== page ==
Most meringue recipes call for a pinch of cream of tartar. What the hell is the stuff and what does it do? Cream of tartar is another name for the acid potassium bitartrate and it’s a byproduct of winemaking. Who knew? The acid crystallizes in wine casks during fermentation. The process for extracting the crystals from wine dates back to ninth century persia, but traces of the acid have been used to date the winemaking process back about 7000 years. Despite it’s auspicious history, cream of tartar wasn’t commercially available until the 1800s.
I had always assumed that cream of tartar was some horrible, industrial chemical byproduct and I’ve only got my high school history teacher to blame! He made us read Herman Melville’s sendup of the industrial revolution, The Tartarus of the Maids:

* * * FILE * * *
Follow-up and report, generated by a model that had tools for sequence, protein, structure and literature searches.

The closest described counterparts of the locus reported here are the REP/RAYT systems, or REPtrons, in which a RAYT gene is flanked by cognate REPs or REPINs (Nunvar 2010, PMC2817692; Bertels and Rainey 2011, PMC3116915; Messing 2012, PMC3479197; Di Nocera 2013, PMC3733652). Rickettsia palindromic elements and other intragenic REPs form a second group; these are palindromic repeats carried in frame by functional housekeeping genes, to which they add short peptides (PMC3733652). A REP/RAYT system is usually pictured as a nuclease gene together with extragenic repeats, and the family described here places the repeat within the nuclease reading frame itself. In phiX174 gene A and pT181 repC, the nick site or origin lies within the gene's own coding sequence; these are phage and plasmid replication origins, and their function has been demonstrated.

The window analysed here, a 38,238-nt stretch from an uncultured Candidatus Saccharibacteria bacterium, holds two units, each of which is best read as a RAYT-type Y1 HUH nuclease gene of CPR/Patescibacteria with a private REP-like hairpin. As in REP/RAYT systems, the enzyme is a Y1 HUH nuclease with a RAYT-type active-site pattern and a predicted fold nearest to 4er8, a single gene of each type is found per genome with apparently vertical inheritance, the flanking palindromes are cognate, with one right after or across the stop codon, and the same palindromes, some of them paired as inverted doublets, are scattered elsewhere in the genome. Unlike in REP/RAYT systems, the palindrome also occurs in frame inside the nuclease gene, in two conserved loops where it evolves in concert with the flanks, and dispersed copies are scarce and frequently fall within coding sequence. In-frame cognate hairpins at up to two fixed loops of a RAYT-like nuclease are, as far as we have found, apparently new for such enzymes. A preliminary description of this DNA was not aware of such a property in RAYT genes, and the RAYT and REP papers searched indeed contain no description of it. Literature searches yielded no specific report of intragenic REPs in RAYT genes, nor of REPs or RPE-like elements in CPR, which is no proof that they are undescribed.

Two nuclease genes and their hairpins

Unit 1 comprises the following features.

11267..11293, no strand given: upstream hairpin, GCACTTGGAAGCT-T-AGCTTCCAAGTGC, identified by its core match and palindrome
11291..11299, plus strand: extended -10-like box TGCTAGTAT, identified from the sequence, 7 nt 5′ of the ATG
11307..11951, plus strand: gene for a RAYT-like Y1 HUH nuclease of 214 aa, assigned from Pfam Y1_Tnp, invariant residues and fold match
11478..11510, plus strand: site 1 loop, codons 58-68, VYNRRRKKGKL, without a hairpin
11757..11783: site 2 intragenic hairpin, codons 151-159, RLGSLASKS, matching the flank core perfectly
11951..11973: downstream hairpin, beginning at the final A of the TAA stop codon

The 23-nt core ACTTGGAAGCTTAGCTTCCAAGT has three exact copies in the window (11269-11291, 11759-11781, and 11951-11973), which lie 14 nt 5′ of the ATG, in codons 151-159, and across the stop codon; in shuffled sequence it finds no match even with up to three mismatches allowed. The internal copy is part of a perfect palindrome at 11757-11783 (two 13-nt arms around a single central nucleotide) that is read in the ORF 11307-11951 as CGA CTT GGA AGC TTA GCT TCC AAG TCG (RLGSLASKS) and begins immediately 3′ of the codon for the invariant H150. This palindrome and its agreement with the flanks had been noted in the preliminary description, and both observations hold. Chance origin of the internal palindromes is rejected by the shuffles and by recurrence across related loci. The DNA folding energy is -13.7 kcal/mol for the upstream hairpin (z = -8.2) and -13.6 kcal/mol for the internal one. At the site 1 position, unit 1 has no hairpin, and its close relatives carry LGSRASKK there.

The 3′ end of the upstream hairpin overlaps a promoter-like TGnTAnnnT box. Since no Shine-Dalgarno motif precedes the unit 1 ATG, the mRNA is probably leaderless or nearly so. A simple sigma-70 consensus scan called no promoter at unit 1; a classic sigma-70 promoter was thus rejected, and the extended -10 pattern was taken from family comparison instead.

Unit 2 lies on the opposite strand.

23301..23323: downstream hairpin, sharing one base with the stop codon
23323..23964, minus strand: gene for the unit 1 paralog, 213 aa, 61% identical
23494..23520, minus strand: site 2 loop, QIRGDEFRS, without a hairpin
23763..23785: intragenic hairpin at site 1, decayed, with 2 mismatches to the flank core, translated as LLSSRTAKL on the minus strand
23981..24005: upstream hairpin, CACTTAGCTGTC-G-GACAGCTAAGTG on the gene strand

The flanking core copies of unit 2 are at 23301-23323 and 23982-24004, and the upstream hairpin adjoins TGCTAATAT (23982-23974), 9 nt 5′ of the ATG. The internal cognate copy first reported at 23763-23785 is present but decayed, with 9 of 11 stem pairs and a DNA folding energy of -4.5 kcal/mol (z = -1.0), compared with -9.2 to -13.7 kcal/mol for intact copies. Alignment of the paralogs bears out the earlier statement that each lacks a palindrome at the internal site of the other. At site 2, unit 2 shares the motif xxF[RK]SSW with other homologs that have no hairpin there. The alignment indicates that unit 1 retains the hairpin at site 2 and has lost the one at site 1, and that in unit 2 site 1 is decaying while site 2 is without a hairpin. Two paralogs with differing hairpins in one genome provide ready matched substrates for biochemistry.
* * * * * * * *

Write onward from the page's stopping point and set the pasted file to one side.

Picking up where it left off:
“Then, shooting through the pass, all alone with inscrutable nature, I exlaimed–Oh! Paradise of Bachelors! and oh! Tartarus of Maids!”
The story is about a visit to a hell-like paper mill and the ghostlike women whose lives are drained by their industrial labor. It’s a great (but depressing) story…that has nothing to do with cream of tartar. Word association is a powerful thing.
But what does it actually do? Continue reading